Clean Up a Mask in Photoshop With This Simple Trick

Clean Up a Mask in Photoshop With This Simple Trick

Cleaning up the haloing when creating selections can take some time, and even when your image is complete and you can still see some remaining it can be quite annoying. In this tutorial, I'm going to show you a seldom-used but effective way of cleaning the masks.

To start with, this is not a composite exercise and can be applied to any style of imagery when masks are used. I've just chosen to demonstrate it on the last composite I completed as there is a little trick in here as well.

Minimum: How it Works

To best understand how it works I'm going to show you both examples of the minimum and maximum at work. For this example, I've already replaced the background and added a solid color layer to show you them in action. 

Layer 0 as you can see originally had a white background and now that I have masked this and created below it a color fill layer the haloing is clearly visible.

With the masked layer selected goto Filter > Other > Minimum and a new pop-up window appears.

In this new pop-up window, you have a couple of options: the radius of the pixels affected and Preserve. The Preserve drop-down window has two selections: Roundness and Squareness. The roundness selection is great for organic materials and images with curves, whereas the Squareness option works best with architecture and straighter edges. Adjust the radius until the white edge has disappeared. At this point don't worry if there are any small artifacts still in your image as I'll cover that later on.

Maximum: How it Works

Should you want to increase the size of the mask, in this case, bring back some of the white background, make sure you have the mask layer selected, and then go to Filter > Other > Maximum and increase the pixel radius to whatever you want. You can see the result below at a 17% increase in pixel radius. This can be used to reintroduce some of the masked areas should you require this for any reason. 

That's it, minimum and maximum at a glance. 

In Practice

So now that you know the basics behind it where can you use it in practice?

This image contains a total of 75 layers consisting of a mix of different images, adjustment layers, effects, and added noise to achieve the final effect. Although I took my time when creating the image I did expect a few anomalies and inconsistencies, so here is how I went about fixing them. As I've mentioned this technique can be applied to any mask in Photoshop, so I hope you get something out of it.

First, find the area of haloing in your image you want to clean up. In this case, it's caused by a noise overlay area that has no mask and is only affecting the area of the face highlighted. I've also zoomed to 100% to let you see the haloing better. 

From here I am going to create a mask to clean up that area. Yes, I could simply erase or feather around but I may see something later when I look at the full image. That's the simple trick. If it's a basic cutout on a transparent layer create a mask to enable detailed cleanups like this.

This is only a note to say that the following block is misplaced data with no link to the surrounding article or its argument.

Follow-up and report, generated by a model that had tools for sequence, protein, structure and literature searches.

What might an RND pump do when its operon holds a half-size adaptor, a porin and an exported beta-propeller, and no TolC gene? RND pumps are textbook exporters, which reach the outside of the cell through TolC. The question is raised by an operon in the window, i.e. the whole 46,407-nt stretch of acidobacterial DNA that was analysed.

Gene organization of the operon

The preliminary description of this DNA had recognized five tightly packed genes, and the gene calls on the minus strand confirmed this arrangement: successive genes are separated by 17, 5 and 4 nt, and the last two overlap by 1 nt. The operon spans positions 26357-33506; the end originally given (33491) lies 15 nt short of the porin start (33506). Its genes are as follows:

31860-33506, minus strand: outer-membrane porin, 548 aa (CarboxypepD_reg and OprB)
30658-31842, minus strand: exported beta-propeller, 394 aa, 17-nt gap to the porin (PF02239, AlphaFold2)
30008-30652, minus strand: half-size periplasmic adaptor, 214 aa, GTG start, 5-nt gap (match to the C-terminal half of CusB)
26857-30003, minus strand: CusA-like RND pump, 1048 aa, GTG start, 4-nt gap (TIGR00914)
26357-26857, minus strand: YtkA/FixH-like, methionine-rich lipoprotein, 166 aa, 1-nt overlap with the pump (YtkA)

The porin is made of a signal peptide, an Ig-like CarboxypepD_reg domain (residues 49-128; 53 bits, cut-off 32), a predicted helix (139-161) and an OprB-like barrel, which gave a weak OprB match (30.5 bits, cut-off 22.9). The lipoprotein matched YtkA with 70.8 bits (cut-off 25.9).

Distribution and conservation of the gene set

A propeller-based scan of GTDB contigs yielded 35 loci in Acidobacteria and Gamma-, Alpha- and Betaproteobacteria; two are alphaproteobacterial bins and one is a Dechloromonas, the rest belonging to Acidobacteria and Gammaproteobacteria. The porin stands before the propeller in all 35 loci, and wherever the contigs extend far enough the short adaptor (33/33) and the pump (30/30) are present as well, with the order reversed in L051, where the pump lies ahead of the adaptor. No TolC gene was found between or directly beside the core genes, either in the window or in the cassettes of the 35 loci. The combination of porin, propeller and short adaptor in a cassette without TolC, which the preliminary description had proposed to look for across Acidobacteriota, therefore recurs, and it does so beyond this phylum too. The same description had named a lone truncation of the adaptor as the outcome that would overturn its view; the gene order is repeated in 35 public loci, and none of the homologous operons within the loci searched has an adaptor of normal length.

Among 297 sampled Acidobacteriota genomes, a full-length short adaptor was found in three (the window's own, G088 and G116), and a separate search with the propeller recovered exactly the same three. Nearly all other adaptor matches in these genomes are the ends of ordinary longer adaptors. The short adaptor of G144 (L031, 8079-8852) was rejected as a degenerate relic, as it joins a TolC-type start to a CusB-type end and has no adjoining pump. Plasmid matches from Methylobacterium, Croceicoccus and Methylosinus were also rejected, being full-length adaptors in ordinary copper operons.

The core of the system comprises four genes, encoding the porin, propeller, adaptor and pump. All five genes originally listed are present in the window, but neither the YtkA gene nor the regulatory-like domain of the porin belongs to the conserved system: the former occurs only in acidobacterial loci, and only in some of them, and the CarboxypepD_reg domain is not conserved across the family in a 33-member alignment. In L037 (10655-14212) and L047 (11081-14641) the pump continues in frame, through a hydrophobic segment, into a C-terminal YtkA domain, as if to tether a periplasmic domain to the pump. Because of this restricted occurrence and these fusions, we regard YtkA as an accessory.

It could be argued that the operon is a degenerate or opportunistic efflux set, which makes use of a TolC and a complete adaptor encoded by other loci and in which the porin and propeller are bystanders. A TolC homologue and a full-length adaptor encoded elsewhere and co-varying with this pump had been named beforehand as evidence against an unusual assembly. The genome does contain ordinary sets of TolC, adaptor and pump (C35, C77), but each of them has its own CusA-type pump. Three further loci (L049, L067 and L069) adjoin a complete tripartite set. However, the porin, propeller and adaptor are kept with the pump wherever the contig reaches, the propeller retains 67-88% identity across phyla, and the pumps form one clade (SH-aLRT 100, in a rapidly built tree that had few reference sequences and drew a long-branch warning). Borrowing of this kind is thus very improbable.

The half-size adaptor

Select the shape by holding down ctrl and clicking inside the layer image; this will make a selection. Then simply click the mask tool to create a mask.

Next, with the new mask selected, go to the lasso tool and draw around the area you want to refine.

From here go to Filter > Other > Minimum. A new pop-up window will appear.

The pop-up window controls the number of pixels adjusted via the Radius slider, and I eventually settled for 3 with this selection. 

Below is the before and after. Now you may not see much of a difference here but I can assure you that if left unchecked you would definitely see it in print. For this example, I've turned off a few of the noise and atmosphere layers to help you see it clearer.

The same principle can be applied using maximum, should you need to add back in small areas of the mask. I have to admit, however, I really only use the minimum to clean masks.


Hopefully, this short tutorial opens up an underused feature (in my opinion) of Photoshop and a very useful one for cleaning up those pesky little areas that have been missed when creating the mask. If using this type of clean-up on mountains, architecture, or straight edges I would definitely use the Preserve > Squareness selection as the results will be better. Keep the roundness for organic image selections and curves.

The image below shows the Preserve Squareness in action at a 7-pixel count. You shouldn't see too much of a difference but as you can see it does preserve the roughness of most of the edges.

Photoshop has so many features and so many ways to achieve the same result so it's a good idea to know a few and add the ones that fit your workflow.

Gary McIntyre's picture

Gary McIntyre is a landscape photographer and digital artist based on the west coast of Scotland. As well as running photography workshops in the Glencoe region, providing online editing workshops, Gary also teaches photography and image editing at Ayrshire college.

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WOW! Very helpful. I also love that you didn't make this as a video. Thanks for the tip I will probably use this every day in the studio.

Thanks for reading Donald. Glad you found it helpful.